Explore environments that can challenge even the most experienced desert dweller in Sandstorm, the latest supplement in the environmental series of D&D books. Information for both players and Dungeon Masters includes new races, spells, feats, magic items, prestige classes, and monsters associated with deserts and other wastelands. Also, as with Frostburn, read about specific types of terrain (such as supernatural wastes) plus the hazards associated with them. Our sneak peek includes a look at the formation of waste environments, races and feats, prestige classes, spells, and a new creature.
Races and Feats of the Waste
The waste forces adjustment in the lives of any people who dare settle its forbidding climes. Every race is affected by social changes brought on by life in the waste, even if only for the duration of a short stay. The bodies of waste-dwellers also change. Most of the time this change is physiological, as with the badlands dwarves and the painted elves, but sometimes it's magical, as with the half-orcs of the scablands, or "scab-orcs." The races of the waste fall into two broad groups: native races and settler races.
Native races include subraces of some of the common races of the D&D game. These subraces have adapted to the arid environment -- in this case, the badlands dwarves, painted elves, and scab-orcs. In addition, two new races, the asheratis and the bhukas, have their own cultural and ecological niches in the wastes.
Settler races include all the common races described in the Player's Handbook, as well as some of the more common evil humanoids, such as hobgoblins, bugbears, and gnolls. While they lack the special adaptations of native races, these people either have overcome their disadvantages (whether through magic or ingenuity) or are simply too stubborn to leave. What keeps them around might be the promise of easy prey among the subsistence communities of native races, some special resource that they particularly prize, or merely the protection provided by the remoteness of the locale, but the settler races have come to stay, and they aren't likely to be dissuaded by an occasional setback.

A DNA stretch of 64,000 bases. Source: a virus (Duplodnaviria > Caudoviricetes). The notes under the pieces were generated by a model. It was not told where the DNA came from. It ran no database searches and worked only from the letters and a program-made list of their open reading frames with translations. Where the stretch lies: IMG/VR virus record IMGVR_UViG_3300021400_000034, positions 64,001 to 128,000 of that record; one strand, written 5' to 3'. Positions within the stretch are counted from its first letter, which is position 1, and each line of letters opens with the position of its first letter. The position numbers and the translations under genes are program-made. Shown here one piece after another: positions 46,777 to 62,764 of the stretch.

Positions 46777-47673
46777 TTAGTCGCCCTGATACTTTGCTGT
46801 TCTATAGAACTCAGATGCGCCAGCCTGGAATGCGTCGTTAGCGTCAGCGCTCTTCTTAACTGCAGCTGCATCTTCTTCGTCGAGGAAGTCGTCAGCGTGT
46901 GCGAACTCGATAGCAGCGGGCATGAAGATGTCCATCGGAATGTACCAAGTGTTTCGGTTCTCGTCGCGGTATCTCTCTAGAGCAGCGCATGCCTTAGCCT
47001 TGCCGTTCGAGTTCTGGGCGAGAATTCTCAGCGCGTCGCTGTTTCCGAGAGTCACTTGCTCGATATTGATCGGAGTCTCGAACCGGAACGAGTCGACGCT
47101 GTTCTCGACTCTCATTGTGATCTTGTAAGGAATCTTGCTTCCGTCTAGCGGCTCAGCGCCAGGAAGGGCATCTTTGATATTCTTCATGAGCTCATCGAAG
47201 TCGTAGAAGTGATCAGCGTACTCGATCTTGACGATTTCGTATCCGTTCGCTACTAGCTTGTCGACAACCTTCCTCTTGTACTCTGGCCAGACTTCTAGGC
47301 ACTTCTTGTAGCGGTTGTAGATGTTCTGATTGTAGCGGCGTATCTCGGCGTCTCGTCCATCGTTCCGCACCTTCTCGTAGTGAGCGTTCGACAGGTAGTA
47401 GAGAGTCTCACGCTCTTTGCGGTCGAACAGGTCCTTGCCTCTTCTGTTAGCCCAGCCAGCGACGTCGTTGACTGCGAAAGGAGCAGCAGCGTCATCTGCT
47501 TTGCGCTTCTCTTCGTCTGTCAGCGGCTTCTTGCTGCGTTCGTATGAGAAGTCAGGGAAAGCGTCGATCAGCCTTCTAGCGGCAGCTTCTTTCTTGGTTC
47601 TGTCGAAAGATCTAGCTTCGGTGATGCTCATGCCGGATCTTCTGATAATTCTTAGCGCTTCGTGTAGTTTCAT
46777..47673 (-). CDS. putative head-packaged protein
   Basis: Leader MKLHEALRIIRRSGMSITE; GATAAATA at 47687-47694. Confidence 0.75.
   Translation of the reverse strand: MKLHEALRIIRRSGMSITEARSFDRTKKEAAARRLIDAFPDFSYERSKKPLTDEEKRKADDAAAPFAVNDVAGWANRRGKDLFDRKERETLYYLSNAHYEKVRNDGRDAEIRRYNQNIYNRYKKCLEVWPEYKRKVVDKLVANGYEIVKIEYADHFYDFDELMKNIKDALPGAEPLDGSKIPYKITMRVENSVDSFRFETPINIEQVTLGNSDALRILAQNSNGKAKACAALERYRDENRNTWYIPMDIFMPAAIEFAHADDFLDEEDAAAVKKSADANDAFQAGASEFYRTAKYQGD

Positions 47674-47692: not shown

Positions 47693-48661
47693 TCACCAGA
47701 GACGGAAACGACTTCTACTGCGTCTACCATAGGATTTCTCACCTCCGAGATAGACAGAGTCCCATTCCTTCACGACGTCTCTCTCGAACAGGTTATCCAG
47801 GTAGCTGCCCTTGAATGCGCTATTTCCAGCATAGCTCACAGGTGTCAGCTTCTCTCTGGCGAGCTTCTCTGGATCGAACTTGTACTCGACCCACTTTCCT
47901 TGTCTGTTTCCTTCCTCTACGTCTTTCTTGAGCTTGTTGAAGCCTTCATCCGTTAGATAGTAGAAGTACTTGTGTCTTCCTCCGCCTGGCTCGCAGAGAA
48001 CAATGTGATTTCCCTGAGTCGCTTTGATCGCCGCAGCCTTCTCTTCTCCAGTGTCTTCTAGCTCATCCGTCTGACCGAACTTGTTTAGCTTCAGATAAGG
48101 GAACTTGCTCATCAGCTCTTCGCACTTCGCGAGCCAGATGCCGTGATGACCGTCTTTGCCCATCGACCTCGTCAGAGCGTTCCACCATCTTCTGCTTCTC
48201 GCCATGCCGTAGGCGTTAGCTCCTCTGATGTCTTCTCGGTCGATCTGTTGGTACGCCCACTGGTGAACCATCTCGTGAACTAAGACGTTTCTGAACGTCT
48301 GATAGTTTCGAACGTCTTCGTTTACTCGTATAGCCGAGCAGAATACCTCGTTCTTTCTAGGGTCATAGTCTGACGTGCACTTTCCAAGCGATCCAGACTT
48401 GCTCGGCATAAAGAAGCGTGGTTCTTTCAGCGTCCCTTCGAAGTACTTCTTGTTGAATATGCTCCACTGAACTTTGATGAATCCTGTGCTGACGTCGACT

An asherati might be mistaken for a thin human under some circumstances -- at least until the asherati's rust-red skin begins to glow with a light all its own, or until he dives headlong into the nearest sand dune, disappearing without a trace.
Asheratis are a geographically established people who live below the sands and dusts of suitable wastelands, rising to the surface to hunt for food, socialize and trade with other races, and make war upon their enemies. As merfolk are to the sea, asheratis are to the sands.
The bhukas are an offshoot of the goblinoid people and claim to be descended from the first inhabitants of the world. They are consummate survivors of the waste, having a talent for finding water and many physical adaptations that allow them to function in a harsh environment. Their culture celebrates and preserves ancestral ways of living.
Scablands Half-Orcs ("Scab-Orcs")
Half-orcs are found in nearly every terrain the waste has to offer, and they are particularly common in the mountains and deserts. Indeed, many bands of mountain raiders are composed of half-orcs, and half-orc nomads are the most eager of all nomads in the waste to raid other camps for supplies.